5. Yet again, Historiann, I thank you for convincing me to dump my textbook.

    The thing that I’ve found most liberating about not having one is a little different from yours. My problem was not that students thought the textbook was the only way to tell the story, it was that the textbook often contradicted the way I told the story. Not in a direct way. When I emphasized different things than the textbook (which inevitably happened with even the best textbooks), students wondered why read the textbook at all.

    Now I pick documents and subjects that I teach anyway and the two stories reinforce one another.


  6. The American Republic was my high school US history textbook in the early 90s (I’m still a bit surprised to realize we were using a 20 year old book). This quote from Hufbauer pretty much sums up my thoughts about it (even at the time):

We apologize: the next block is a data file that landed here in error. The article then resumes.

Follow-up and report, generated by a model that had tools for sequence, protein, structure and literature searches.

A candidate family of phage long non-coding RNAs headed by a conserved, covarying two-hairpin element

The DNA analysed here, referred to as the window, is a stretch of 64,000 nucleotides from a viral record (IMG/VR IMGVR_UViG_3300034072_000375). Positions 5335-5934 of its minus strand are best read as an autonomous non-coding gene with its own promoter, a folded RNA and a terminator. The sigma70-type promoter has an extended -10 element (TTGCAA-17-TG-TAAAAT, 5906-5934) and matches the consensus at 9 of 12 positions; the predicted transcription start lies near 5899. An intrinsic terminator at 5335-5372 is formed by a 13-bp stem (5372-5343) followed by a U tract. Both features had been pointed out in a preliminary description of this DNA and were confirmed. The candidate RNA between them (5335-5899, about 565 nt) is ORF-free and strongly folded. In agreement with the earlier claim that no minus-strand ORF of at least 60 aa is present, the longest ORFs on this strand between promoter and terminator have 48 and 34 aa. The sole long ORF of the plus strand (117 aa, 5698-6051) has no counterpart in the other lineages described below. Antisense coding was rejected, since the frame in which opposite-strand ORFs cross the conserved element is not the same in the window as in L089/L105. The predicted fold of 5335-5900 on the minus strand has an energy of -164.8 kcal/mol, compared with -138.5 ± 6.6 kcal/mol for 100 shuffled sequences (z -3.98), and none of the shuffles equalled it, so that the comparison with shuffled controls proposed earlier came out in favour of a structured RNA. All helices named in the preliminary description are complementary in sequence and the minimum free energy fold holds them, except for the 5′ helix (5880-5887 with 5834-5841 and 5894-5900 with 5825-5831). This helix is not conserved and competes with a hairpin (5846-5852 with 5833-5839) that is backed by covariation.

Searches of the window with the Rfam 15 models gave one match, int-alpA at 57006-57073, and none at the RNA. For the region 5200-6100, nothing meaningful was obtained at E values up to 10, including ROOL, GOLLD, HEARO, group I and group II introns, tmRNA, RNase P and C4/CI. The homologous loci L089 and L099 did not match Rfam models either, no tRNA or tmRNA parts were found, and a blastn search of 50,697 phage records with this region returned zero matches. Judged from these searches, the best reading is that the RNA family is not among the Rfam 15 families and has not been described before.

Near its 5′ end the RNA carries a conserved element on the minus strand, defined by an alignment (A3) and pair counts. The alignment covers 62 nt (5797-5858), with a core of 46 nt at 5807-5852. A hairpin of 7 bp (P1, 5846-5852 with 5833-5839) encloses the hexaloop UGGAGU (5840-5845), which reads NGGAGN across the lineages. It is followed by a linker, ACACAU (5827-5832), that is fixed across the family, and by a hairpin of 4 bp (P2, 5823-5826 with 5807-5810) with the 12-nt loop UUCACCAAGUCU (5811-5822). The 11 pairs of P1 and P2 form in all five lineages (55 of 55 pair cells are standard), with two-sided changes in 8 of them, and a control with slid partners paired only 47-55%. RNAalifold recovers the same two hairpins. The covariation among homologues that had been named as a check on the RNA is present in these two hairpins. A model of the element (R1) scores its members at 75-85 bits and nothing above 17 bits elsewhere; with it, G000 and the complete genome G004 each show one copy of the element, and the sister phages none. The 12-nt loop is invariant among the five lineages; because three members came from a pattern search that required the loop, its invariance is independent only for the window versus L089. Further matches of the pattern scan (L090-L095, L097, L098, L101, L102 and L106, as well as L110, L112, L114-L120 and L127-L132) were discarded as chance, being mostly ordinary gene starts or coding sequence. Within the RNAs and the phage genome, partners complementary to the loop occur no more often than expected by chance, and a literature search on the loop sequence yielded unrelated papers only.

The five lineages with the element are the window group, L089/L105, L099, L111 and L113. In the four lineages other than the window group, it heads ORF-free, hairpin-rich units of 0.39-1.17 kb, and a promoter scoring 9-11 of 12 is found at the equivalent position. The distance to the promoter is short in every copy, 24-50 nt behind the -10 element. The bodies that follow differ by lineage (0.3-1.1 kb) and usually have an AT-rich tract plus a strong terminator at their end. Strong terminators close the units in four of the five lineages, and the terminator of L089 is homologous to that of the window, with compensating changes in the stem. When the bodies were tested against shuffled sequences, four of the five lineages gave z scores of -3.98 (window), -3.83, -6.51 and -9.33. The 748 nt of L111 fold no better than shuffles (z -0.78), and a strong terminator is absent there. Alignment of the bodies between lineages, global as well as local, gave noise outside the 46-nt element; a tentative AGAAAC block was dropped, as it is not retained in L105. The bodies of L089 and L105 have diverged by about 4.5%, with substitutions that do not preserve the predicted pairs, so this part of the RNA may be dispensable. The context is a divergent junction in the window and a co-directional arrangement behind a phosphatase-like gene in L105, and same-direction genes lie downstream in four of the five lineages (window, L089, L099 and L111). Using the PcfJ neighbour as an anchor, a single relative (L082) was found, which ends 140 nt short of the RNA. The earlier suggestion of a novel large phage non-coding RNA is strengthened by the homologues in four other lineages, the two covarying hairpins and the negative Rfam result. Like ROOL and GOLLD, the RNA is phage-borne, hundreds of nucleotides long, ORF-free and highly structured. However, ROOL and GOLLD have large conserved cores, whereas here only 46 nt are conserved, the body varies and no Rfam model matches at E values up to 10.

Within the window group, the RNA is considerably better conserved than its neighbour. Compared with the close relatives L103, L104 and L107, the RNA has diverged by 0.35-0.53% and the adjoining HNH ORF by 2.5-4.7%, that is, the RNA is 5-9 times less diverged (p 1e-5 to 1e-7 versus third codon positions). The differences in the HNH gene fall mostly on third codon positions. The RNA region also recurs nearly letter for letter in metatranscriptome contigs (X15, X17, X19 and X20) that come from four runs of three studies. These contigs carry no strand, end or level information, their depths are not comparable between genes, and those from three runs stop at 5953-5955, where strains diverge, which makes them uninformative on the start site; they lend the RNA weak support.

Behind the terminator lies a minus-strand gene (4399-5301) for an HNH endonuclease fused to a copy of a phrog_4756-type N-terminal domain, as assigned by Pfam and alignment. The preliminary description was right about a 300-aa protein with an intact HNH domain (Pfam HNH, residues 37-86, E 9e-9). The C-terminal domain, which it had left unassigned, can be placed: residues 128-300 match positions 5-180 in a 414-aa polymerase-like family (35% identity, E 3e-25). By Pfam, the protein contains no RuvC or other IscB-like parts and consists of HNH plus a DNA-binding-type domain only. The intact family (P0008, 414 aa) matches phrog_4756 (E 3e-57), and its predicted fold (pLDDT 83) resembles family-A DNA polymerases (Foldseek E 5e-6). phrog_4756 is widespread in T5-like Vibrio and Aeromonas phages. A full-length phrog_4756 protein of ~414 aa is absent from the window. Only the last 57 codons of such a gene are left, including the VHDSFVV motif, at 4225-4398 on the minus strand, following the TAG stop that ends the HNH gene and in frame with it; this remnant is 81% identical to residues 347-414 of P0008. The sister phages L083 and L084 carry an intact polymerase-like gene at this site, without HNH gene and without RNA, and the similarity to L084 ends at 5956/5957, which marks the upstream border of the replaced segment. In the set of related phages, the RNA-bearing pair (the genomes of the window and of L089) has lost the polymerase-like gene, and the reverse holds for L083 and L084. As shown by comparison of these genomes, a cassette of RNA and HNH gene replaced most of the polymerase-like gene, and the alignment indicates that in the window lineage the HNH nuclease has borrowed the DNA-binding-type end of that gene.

But although Republic did more than competitors of the time to focus on the lives of ordinary people in addition to elites, the new history texts in useful ways gave even more space to the experiences of Americans of different walks of life.

    I knew it was a hell of a lot better than my previous school-based history learning, yet I knew there was still somethings missing.


  7. Jonathan–it’s that dissonance that makes me skeptical of Indyanna’s argument that one can introduce students to the pleasures of the Great Fragmentation by using a textbook that goes one way and writing lectures that go another way. I’ve found that students do better when asking them to attempt to craft their own narratives (on a small, not a grand scale) based on different primary and secondary sources than asking them to reconcile sometimes widely divergent narratives and counter-narratives.

    This used to happen as a TA at Ben Franklin U., when our students (all super-bright BFUers) would sometimes be confused about what was going on in the readings vs. what the lecturing professor was saying in class. Of course, it was up to us TAs to help them sort it out.